Metals

1. WHAT IS THE BEST METAL TO CHOOSE?

There are many different precious metals used in jewellery, which are alloyed (or mixed) together to create a range of different purities and qualities. The metals we normally use are 18ct Gold (750 purity) in either Yellow or White; and Platinum (950 purity). We use recycled metal in all our precious designs.

MetalsIf you like the warmth and radiance of yellow gold then the decision is fairly straight forward – 18ct is the best alloy for resistance to wear compared to 9ct gold which wears away quicker. It maintains its shape and form better than 22ct gold which is more malleable and deforms more easily. 18ct gold also has the most beautiful warm colour.

If you want a ‘white option’ the decision is a little harder with four or more choices.
18ct White Gold is an alloy of gold in which the natural yellow colour is ‘bleached’ by the addition of whitening metals such as Palladium & Ruthenium. We offer two subtly different alloys: ‘Cool White’ which is rich in palladium and has a steely colour; and ‘Warm White’ which is a subtle warm grey. Both are attractive in their own right but can also be Rhodium plated to give a pure white finish. Rhodium is the hardest wearing of the precious metals and most often used as a plating - but this thin layer can rub off with time and wear, especially on rings. We can re-rhodium our jewellery as part of our TLC service.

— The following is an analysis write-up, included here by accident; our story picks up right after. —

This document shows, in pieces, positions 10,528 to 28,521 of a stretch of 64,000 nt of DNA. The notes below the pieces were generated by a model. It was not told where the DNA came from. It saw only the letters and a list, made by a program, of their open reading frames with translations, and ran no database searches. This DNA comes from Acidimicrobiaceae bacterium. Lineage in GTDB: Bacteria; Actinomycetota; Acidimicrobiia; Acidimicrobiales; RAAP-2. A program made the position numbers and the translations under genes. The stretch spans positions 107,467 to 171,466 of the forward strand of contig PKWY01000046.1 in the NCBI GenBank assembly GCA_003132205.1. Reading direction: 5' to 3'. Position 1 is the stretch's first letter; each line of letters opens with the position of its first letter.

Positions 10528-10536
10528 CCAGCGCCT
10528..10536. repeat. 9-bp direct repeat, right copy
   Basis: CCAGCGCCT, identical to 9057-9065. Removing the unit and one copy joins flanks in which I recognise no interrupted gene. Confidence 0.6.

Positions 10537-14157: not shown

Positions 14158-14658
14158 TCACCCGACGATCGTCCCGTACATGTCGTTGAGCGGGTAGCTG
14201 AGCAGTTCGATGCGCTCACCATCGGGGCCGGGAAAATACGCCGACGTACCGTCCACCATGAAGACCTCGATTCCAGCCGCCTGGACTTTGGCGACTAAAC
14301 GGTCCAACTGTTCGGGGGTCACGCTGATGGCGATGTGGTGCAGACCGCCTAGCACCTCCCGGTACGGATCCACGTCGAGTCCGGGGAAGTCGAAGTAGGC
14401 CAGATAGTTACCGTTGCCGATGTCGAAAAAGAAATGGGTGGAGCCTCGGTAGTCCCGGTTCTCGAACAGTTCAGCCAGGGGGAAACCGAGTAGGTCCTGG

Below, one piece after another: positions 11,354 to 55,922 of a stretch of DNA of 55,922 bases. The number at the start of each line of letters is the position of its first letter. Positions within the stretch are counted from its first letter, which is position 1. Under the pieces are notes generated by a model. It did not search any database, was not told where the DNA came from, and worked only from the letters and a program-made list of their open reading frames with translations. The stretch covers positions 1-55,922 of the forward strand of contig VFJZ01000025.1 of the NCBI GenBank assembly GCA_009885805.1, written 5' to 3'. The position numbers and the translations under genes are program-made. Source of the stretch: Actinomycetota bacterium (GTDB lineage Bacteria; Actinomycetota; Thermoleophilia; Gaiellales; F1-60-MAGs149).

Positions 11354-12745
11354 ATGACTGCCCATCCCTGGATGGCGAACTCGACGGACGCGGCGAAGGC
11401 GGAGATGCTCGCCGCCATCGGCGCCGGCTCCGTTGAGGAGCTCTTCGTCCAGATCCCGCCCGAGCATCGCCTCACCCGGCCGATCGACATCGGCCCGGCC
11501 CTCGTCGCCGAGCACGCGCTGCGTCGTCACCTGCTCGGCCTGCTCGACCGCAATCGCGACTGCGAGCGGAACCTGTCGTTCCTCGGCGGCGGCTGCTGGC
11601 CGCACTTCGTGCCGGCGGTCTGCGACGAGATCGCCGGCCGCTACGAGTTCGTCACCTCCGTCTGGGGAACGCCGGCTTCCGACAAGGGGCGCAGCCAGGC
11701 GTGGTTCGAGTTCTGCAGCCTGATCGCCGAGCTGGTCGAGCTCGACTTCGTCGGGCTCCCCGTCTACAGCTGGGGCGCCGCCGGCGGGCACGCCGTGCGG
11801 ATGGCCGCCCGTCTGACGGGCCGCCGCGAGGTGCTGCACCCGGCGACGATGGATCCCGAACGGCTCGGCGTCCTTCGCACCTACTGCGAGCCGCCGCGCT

Platinum is the rarest and most precious of metals used for making jewellery. It has a weight and ‘heft’ unlike any other metal and is very suitable for making rings as it holds onto stones beautifully and is the best at showing off a true white diamond. Platinum has a tendency to matt down with wear so may need to be polished occasionally to keep looking its best.

Recently palladium has become a viable alternative metal for jewellery. It was discovered in 1803 and was popular in the first half of the 20th century. More recently it has been used as a whitening agent in white gold alloys, particularly since the introduction of the European Nickel Directive. Over the last few years palladium jewellery has seen a resurgence in Britain - partly because of improvements in alloying processes, but also because it has just been recognised in an amendment to the UK Precious Metals Act meaning that it can now be Hallmarked.

Like platinum, the standard alloy for palladium jewellery is 950 and so can be marketed as '95% pure'. Palladium is very white; it easily falls into the 'Grade 1' category of the index developed to measure the whiteness of white gold alloys. Because of this it does not need rhodium plating. The metal has the same tarnish resistance as platinum; it is malleable and durable and can be polished to a high finish. The definition of fine details can also be better than platinum.